While the league never comments on pending litigation, the counter argument comes from, not surprisingly, current players. While few endorsed Williams’ specific calls to hurt players, there is a desire to dismiss or dilute his words as just a part of the game.
Williams’ rant was recorded before the Saints-49ers playoff game in January, two years after the NFL had begun investigating the Saints’ bounty system and a year after they were ordered to knock it off. Yet, amazingly, one of the 49ers’ players, cornerback Carlos Rogers, attempted to defend Williams even though he targeted Rogers’ San Francisco teammates.
“It wasn’t a bounty system,” Rogers told San Francisco radio station KNBR. “I’m close to Gregg, and I’m not trying to be biased. He’s one of the coaches I admire and would always love to play for. But it wasn’t a bounty system.”
The hell it wasn’t. But Rogers, as with numerous other current players, tried to defend it by saying it was a players’ idea of long standing, and the rhetoric was standard motivational stuff heard throughout the NFL.
That misses the point. There’s a difference between encouraging max effort and intimidation, and naming opponents with previous injuries, including concussions, and targeting them for game removal.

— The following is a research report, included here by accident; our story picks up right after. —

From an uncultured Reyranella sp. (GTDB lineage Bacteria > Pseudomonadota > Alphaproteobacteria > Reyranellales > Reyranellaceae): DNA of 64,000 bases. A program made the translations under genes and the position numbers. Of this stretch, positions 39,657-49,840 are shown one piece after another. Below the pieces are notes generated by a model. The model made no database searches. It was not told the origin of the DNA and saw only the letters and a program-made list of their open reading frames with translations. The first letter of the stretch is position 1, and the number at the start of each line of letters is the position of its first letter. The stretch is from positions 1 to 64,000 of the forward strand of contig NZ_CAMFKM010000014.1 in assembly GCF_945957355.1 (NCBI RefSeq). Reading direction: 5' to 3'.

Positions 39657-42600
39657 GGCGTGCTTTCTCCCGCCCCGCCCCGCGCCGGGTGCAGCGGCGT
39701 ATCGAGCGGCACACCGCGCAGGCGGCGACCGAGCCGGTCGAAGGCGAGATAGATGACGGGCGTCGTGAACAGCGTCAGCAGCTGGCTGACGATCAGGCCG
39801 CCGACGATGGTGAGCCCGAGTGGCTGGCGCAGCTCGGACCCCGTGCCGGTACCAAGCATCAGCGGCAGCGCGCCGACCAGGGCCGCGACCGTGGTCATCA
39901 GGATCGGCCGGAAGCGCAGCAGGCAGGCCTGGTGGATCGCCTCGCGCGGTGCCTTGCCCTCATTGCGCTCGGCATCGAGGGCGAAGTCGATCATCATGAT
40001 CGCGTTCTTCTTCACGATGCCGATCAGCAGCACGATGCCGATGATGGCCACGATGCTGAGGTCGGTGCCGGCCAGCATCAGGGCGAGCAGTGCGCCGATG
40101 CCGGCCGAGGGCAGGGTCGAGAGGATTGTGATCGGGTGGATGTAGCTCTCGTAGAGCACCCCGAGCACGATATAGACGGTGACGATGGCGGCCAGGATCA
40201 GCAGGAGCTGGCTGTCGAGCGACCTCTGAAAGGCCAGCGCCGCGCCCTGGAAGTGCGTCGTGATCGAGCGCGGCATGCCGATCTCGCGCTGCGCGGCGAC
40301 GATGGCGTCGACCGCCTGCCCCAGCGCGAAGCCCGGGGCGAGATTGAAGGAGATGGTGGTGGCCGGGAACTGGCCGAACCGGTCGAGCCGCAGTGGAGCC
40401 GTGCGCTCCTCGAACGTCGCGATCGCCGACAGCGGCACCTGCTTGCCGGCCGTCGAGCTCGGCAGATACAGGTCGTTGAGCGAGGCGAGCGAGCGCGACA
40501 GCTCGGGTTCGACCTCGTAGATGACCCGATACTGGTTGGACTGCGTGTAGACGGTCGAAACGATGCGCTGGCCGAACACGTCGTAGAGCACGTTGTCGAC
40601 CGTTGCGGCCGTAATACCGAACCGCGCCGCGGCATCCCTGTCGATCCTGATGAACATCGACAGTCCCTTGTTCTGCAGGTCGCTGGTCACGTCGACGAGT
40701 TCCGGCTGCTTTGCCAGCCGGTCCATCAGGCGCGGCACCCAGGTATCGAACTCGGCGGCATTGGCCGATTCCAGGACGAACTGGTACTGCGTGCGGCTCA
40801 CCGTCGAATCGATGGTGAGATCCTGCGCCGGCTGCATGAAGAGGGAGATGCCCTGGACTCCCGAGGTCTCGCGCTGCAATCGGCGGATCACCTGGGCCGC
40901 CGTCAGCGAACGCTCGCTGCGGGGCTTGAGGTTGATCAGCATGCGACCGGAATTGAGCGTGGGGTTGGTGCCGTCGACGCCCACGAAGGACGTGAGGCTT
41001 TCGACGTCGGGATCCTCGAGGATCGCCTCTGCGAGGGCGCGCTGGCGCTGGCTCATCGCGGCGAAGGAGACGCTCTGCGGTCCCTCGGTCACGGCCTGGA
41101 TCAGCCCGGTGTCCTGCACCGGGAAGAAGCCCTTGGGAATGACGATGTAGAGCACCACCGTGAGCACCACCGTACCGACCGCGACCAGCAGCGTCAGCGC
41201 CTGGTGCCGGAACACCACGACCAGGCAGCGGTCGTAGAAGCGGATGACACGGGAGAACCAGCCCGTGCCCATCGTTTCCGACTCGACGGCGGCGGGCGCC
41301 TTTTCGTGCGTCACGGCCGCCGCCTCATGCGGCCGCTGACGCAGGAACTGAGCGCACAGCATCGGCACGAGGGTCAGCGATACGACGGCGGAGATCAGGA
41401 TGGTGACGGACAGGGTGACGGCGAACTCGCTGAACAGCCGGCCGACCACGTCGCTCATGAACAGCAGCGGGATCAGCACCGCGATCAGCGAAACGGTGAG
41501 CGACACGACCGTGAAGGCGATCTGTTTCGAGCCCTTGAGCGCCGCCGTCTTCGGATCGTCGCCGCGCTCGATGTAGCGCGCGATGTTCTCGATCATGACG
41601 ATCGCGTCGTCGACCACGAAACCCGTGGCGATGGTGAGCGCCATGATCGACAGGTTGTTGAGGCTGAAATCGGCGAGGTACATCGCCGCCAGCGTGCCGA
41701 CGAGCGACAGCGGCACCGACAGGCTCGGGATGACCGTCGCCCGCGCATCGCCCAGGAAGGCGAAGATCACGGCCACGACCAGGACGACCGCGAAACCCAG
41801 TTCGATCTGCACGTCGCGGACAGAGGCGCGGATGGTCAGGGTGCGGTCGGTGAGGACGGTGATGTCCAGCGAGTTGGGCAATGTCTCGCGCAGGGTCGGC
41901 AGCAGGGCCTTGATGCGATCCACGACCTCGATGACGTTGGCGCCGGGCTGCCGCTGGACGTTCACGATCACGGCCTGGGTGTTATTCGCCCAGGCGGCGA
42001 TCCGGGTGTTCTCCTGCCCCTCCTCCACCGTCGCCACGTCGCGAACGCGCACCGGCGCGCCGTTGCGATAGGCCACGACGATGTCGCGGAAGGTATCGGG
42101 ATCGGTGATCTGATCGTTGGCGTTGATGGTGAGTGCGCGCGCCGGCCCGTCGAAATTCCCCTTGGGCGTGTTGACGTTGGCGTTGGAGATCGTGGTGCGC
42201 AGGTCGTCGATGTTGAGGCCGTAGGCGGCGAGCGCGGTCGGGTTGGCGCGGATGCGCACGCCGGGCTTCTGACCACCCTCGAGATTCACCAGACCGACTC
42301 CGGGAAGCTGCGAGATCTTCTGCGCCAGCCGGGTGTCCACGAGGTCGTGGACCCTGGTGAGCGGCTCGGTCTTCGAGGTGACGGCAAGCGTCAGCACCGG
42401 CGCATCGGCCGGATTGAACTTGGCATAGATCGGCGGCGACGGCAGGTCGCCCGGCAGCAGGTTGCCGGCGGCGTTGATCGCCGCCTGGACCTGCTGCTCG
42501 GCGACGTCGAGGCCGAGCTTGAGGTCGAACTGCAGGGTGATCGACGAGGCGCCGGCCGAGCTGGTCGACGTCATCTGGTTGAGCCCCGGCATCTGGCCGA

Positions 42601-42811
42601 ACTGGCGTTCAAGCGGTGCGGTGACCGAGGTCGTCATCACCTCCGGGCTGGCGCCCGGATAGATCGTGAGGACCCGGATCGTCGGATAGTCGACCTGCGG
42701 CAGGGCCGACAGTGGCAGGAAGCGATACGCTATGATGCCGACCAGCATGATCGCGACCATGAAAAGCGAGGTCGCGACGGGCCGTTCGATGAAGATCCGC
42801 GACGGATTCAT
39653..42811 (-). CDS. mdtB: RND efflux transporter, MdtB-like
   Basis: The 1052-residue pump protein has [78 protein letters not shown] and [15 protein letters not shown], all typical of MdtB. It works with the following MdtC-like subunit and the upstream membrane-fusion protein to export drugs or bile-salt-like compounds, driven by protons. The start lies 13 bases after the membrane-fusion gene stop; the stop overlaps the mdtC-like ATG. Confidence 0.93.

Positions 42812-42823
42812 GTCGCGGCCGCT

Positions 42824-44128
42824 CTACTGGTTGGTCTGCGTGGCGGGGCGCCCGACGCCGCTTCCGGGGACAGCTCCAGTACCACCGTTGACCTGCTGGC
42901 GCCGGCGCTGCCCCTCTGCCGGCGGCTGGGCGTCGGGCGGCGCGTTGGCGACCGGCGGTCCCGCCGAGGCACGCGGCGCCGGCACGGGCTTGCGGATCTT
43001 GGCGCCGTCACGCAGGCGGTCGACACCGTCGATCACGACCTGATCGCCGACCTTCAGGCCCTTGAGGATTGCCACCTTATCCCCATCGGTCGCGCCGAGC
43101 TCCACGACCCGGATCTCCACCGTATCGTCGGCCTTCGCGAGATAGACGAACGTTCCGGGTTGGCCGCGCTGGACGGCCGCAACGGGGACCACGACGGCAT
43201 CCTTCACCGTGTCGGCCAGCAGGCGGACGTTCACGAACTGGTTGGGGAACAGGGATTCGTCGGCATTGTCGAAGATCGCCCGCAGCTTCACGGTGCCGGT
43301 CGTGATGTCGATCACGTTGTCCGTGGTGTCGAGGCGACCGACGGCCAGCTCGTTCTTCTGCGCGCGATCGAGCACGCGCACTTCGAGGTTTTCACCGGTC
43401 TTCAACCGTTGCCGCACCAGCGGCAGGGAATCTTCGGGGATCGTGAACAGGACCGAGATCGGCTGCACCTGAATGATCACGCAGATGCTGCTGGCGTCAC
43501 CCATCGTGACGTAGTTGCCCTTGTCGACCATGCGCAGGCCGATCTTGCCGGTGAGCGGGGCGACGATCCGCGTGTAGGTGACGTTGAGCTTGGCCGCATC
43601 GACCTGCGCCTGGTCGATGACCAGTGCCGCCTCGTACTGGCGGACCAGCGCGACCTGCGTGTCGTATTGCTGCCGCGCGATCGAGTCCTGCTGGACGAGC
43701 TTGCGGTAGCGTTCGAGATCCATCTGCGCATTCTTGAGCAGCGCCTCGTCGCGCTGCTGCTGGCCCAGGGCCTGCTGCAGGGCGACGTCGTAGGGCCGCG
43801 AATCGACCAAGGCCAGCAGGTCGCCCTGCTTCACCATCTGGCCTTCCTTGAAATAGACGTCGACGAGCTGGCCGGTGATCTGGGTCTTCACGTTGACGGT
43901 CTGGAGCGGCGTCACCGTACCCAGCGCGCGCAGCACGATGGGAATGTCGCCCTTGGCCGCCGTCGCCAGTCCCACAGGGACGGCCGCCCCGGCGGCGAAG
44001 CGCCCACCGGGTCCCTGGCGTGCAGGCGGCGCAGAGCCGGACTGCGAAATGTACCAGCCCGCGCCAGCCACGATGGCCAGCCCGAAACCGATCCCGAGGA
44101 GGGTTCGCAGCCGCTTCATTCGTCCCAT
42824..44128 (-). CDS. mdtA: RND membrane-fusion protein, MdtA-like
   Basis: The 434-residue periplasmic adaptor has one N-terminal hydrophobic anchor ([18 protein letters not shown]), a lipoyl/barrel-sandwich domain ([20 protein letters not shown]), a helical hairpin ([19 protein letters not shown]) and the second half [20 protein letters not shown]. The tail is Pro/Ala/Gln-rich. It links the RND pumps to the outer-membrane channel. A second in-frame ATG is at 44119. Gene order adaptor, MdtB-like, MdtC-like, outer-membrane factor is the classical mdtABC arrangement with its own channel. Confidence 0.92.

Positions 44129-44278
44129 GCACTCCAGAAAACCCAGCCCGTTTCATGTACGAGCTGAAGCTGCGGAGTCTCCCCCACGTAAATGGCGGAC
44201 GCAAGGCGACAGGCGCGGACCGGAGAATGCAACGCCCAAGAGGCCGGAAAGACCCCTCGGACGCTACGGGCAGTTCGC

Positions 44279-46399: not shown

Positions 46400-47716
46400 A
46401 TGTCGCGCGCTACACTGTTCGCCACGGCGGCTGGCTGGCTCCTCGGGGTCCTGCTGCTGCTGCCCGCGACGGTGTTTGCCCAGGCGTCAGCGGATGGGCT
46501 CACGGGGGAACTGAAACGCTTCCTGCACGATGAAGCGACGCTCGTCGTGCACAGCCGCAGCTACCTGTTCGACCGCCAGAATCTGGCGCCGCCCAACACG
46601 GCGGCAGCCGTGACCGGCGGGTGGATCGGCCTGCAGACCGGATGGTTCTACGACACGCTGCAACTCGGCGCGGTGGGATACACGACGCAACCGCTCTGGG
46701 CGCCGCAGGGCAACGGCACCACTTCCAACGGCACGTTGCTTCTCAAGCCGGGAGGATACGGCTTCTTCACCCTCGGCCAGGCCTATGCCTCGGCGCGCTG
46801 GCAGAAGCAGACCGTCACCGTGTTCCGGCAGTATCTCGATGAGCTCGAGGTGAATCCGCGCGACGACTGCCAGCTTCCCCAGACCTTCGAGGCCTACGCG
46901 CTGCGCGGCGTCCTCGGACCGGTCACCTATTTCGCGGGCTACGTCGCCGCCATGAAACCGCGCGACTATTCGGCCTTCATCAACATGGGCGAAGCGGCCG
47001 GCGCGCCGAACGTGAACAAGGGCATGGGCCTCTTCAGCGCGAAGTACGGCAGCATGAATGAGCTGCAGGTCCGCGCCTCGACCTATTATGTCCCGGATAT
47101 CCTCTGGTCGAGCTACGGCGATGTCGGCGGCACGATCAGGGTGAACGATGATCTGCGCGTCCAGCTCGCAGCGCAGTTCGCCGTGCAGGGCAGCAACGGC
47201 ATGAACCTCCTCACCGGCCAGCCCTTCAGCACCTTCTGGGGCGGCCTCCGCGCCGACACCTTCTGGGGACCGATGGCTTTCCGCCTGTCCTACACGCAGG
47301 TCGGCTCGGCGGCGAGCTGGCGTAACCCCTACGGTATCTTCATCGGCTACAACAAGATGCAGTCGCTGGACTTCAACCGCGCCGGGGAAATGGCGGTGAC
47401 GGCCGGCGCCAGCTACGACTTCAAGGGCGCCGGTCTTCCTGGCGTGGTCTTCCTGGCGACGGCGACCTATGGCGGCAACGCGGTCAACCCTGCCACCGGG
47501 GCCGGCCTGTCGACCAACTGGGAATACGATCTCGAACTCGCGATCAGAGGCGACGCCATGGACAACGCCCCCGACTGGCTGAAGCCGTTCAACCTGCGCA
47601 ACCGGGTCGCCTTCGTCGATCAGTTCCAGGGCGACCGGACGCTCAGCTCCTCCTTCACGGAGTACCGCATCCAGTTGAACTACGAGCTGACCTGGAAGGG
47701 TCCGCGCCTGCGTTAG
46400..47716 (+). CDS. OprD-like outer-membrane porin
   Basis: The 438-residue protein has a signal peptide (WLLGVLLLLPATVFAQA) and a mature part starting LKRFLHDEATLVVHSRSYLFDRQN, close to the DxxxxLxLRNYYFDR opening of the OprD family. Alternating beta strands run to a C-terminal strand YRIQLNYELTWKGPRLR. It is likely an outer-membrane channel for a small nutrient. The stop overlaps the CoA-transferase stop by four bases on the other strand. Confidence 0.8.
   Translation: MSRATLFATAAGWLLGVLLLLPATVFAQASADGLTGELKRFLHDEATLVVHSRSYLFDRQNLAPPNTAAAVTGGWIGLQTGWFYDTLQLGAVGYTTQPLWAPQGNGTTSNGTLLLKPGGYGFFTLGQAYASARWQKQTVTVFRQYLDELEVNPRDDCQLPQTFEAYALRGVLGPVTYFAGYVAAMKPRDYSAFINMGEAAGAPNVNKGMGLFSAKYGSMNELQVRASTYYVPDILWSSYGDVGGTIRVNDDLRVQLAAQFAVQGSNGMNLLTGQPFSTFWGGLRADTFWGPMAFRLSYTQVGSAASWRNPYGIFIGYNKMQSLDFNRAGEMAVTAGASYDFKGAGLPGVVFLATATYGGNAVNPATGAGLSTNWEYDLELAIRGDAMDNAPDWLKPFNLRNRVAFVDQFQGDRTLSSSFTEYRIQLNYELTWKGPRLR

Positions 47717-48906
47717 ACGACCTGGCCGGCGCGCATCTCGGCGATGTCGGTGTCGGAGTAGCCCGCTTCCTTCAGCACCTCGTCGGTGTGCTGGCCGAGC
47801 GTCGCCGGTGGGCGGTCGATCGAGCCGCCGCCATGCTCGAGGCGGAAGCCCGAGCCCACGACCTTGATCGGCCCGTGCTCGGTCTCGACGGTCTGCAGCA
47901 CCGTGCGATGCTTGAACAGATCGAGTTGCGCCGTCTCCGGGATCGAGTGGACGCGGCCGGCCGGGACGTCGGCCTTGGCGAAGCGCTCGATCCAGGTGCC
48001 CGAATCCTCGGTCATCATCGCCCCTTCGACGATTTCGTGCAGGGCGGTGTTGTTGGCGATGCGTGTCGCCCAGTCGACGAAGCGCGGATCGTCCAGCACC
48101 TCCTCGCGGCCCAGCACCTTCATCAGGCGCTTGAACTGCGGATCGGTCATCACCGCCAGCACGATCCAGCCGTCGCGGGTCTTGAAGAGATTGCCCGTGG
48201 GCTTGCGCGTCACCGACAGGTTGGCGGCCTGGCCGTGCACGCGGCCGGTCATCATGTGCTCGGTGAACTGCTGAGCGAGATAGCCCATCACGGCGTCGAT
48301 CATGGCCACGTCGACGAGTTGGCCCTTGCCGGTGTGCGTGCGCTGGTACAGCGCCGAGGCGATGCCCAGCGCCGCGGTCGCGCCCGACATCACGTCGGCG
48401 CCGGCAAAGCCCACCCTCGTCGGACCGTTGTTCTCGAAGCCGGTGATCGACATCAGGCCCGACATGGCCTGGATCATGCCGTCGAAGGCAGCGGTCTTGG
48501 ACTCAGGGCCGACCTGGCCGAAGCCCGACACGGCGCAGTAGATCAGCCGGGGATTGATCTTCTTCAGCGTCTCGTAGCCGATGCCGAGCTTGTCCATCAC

“The part that is an issue is the other 10 percent,” Minnesota punter Chris Kluwe told ESPN.com, “where he specifically talks about targeting ACL’s, twisting guys’ ankles in the pile, and trying to hit a concussion victim in the head again. That’s why Goodell has to come down so hard on this; you don’t want that spreading.”
Rogers and most current players have too much invested in the game’s status quo to be objective and honest about a gruesome practice, even if it is a macho tradition going back decades.
First, players live in the moment, not 30 years from now; second, they don’t want to be seen as sissies; third, they enjoy the violence of the game nearly as much as the fans; fourth, they don’t want to say anything that might be criticism of coaches in general or in particular; and fifth, they already resent the changes made for safety that they believe diminish the game.
All understandable, to a point. But the rising tide of scientific evidence connecting repeated blows to the head to brain damaged borders on the irrefutable. Today’s players can’t see it, or don’t want to see it. They have a few years to make millions, and that, for most, trumps all.
For the retired players, the NFL may be able to get away with the response, “We didn’t know.” But ignorance is no excuse now, as its rules changes and Saints’ punishments show.
Goodell has no choice but to change the course of the game. Although he and others will cloak the transformation in altruism, the fact is the NFL is getting its pants sued off. Besides the monetary losses, the greater damage is that once the truth gets into the mainstream, the league will find fewer and fewer players willing to sustain the empire.
Who knows? Maybe even a few fans will be offended.